Before Meeting Prospective Landlords
When you look at possible rental accommodations, it's important to ask questions. The following sections will help identify many of the questions you should ask and those you should expect to hear in return.
Questions You Should Ask the Landlord
When looking at a prospective rental, ask the following questions:
Are utilities included? If not, what types are used (e.g. natural gas, oil, or electric heating) or permitted? What are the average monthly costs? If you are sharing the utilities with another party, what are your responsibilities? Is cable television service included or available for an additional cost?
What type of lease is required? What are the main conditions of the lease? Carefully examine the terms, conditions and duration of the lease before signing anything. Some leases may contain unexpected requirements. You may wish to consult a lawyer before signing, especially if you do not understand everything in the lease.
Can you make changes to the premises? Can you paint or make other decorative changes? What restrictions are in the lease?
Why are the current tenant(s) leaving? It helps to ask neighbouring tenants this question as well.
If relevant, are pets or smoking allowed? If you have pets, find out if any restrictions prohibit certain types of pets. If you've had pets, are you required to have the rental professionally cleaned at the end of the lease?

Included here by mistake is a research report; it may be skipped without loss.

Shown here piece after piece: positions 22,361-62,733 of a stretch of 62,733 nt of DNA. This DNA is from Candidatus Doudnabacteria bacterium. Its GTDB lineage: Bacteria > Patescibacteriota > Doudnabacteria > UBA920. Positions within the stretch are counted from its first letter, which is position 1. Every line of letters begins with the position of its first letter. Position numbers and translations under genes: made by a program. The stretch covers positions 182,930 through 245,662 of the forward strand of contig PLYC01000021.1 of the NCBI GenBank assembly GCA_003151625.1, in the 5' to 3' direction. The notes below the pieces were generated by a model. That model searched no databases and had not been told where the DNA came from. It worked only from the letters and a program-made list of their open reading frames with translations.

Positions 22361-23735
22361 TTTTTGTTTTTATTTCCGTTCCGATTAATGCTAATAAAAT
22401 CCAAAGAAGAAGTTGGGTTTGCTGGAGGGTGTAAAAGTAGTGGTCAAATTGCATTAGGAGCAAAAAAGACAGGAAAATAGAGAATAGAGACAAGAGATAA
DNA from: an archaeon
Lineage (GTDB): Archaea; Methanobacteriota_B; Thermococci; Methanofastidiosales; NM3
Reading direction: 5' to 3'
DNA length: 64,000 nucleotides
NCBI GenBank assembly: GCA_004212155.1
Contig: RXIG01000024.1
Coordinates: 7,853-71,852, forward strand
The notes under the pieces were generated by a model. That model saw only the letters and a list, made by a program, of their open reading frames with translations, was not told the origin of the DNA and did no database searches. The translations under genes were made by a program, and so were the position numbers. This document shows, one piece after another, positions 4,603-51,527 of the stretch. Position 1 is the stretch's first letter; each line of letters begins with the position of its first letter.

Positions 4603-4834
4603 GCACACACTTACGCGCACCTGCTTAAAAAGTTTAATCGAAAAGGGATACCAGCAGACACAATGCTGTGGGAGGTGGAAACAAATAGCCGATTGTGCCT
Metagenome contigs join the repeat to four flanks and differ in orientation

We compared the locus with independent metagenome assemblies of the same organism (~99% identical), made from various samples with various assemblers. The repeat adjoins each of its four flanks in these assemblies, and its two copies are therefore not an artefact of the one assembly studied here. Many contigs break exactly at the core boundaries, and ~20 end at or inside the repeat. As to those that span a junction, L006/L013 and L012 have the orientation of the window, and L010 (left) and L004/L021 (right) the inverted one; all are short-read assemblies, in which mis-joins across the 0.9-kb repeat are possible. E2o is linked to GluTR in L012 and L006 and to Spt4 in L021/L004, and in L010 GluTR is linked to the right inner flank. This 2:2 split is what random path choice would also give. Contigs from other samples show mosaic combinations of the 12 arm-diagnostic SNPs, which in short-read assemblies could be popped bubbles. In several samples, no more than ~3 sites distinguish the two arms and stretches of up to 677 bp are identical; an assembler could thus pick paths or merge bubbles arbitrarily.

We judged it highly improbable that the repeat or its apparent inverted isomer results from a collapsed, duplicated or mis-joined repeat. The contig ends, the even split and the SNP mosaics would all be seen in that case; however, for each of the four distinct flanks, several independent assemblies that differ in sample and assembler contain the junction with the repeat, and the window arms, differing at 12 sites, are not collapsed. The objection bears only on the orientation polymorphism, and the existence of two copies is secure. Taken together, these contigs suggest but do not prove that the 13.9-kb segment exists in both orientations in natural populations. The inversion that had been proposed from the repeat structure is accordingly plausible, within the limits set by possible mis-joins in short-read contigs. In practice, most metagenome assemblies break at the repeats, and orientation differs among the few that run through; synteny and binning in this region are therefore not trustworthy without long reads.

What is the neighbourhood like? If applicable, what are the other tenants like?
What makes your property unique? Are any special features available in the rental?
Who maintains the property? Lawn and garden maintenance may be the responsibility of the landlord or tenant, or both. How are minor and major repairs to the rental handled?
Where can you park? Is parking an additional cost? How about additional vehicles? Is adequate space provided for guest parking?
What about additional storage? Are there storage lockers included in the rent? How secure are they? Is there separate bicycle storage?
What security systems are in place? What kinds of locks are used, and have they been changed recently? If renting a high-rise apartment, what areas of the building require keys to access?
Other questions. This list offers a beginning. Consider what you need from a rental and add questions that pertain to your specific situation. Other points to consider may include:
- Policies on overnight guests or long-term visitors.
- Vehicle maintenance and repairs on rental property, if applicable.
- Installation of additional utility cabling, telephone and television jacks, or compact satellite dishes.
- The availability of broadband or high-speed Internet services in the area or building.
You will want to take detailed notes when visiting properties and interviewing prospective landlords. Note information about costs and conditions, advantages and disadvantages of a prospective rental and its neighbourhood. Print out the Rental Unit Evaluation Worksheet and bring a copy with you during a rental property visit.
Questions a Landlord can and cannot Ask a Prospective Tenant